Safety at the T Compromised Due to Underinvestment in T Operations and Lack of Adequate Oversight

Written By Caitlin Allen-Connelly, Project Director & Glen Berkowitz, PROJECT MANAGER

In 2019, the MBTA Fiscal Management Control Board flagged safety as a major concern and established a Safety Review Panel. This past February, the T reported that 66% of the recommendations and corrective actions identified by the Safety Review Panel were complete, 25% were ongoing, and 6% were on-hold. At the time, A Better City spoke publicly to the critical importance of the four actions that were on-hold, three of which were related to funding safety actions, and one focused on improving the safety culture at the MBTA.  

Despite the MBTA’s reported efforts to improve safety, fatal and various other accidents continued to occur with increasing frequency. In May 2022, the Federal Transit Administration (FTA) announced it was “extremely concerned with ongoing safety issues [at the T]” and that it would take on an “increased safety oversight role” of the MBTA.

On Wednesday, June 15, 2022, the FTA released five, timebound, preliminary Special Directives calling on the MBTA to take immediate action to address critical safety lapses related to 1) Track Maintenance; 2) Vehicle Securement of Disabled Trains; 3) Operations Control Center (OCC); 4) Lapsed Certifications; and 5) Safety Management Inspection. The FTA also announced that these initial directives will be followed by a more comprehensive and substantive report that they expect to release by fall.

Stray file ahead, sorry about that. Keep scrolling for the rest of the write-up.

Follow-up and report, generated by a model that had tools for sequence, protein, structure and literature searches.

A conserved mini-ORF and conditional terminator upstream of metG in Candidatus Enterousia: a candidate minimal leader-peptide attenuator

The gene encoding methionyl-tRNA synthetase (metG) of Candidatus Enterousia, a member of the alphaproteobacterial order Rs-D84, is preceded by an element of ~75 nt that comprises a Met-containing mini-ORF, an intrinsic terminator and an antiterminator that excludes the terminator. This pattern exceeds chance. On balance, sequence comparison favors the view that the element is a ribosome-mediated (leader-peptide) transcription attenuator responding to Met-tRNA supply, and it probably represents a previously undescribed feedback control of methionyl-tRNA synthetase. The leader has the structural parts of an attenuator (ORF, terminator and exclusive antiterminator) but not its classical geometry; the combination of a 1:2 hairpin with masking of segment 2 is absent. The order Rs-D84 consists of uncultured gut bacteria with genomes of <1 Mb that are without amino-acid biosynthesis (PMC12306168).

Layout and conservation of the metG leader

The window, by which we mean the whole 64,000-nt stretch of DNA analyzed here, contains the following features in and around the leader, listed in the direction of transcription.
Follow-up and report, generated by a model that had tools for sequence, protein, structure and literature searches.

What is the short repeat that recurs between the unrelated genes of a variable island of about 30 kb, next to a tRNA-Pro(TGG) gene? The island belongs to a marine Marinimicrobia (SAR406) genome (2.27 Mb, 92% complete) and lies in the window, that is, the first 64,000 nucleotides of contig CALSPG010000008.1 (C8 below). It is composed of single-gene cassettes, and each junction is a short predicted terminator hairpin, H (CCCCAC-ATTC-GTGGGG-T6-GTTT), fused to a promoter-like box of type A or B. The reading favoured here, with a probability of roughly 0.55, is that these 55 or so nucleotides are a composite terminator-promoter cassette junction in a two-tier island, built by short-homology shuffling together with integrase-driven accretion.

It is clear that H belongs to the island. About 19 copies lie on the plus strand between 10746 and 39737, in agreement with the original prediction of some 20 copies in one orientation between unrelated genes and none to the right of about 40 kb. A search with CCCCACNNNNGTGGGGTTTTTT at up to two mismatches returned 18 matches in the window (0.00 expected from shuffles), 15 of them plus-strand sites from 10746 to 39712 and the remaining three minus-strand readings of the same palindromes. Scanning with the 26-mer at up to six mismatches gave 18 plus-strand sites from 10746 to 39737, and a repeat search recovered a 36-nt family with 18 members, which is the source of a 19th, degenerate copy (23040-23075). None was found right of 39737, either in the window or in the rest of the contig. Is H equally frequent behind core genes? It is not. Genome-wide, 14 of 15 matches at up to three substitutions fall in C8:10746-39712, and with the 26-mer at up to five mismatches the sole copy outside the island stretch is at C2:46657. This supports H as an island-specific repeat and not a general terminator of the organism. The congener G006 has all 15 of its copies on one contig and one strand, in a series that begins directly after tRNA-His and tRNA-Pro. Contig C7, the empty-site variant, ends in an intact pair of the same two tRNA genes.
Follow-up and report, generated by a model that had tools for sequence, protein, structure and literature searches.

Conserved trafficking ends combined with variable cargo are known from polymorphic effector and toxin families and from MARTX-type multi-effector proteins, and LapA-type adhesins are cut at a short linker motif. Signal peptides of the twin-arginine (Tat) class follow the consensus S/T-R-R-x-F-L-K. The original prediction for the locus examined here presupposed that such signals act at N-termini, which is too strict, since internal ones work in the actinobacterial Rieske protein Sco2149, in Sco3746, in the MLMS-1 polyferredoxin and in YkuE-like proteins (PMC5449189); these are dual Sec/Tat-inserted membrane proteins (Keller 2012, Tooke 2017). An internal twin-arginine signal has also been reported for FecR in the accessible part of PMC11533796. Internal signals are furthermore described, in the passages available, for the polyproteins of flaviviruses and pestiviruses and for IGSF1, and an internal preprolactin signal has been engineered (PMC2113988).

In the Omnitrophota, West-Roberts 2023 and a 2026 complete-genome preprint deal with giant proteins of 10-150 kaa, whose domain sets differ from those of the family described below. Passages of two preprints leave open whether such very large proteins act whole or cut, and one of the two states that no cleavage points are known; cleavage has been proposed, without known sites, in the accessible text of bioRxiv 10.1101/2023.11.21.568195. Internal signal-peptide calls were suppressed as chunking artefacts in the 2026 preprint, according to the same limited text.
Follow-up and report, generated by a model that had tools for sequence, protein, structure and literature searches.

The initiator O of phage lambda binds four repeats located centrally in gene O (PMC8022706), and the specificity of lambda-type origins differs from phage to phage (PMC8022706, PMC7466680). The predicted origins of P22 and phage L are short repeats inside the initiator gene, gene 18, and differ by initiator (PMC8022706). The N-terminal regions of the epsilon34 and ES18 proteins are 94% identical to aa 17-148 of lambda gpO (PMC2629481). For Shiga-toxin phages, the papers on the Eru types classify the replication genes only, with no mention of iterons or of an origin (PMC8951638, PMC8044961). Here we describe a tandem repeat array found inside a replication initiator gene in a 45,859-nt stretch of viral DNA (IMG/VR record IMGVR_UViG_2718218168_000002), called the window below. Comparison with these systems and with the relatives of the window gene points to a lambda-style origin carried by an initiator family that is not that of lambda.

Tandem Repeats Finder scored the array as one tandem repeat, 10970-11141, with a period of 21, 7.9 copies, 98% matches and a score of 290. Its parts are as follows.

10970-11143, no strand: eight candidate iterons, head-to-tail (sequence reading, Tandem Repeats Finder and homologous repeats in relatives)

The FTA Special Directives highlight an alarming lack of attention to the MBTA’s human capital and operational functions. For example, the Special Directive on the Operations Control Center (OCC) notes that the “MBTA’s hours of service requirements, which allow dispatchers and supervisors to work up to 20 hours on with only four hours off…do not ensure that OCC dispatchers and supervisors are properly rested.” Additionally, the Special Directive on Lapsed Certifications calls out that “out the four rail transit lines, the Green Line had the highest levels of non-compliance, with 221 motorpersons (41%), 25 inspectors (26%), 8 supervisors (50%), and 12 yard masters (100%) late for annual recertification.”

The FTA’s corrective actions have specific deadlines and outline the process for reporting. Some actions require immediate attention and reporting as early as Friday, June 17, 2022, while for others, the MBTA has 15 to 35 days to develop and submit corrective plans to the FTA and Department of Public Utilities (DPU). Of note, in the Special Directive on Safety Management Inspection Conducted at the MBTA, the FTA raised “concerns regarding the DPU’s ability to effectively oversee the MBTA’s compliance with its own practices and procedures.”

Holding the MBTA accountable with set deadlines is critical to making progress on safety at the T. As Rick Dimino, President & CEO, A Better City, recently told the Boston Globe, “If we expect people to come back to the T, we need the T to be engaged in safety as a priority with real outcomes, to be able to prove to the public that the T is safe.”

The MBTA Board of Directors approved the MBTA’s FY23 budget on June 9, 2022, which provided level funding (25% of budget) from FY22 for system maintenance and security. A Better City testified calling on the Board to prioritize safety in the FY23 operating budget and reminding the Board and agency of the 2019 Safety Review Panel warnings highlighted in the 2020 A Better City White Paper, On the MBTA Safety Review Panel Report. Additionally, in April 2020, A Better City released Keeping the MBTA on Track: Review of Prior Commitments, with a section on safety.




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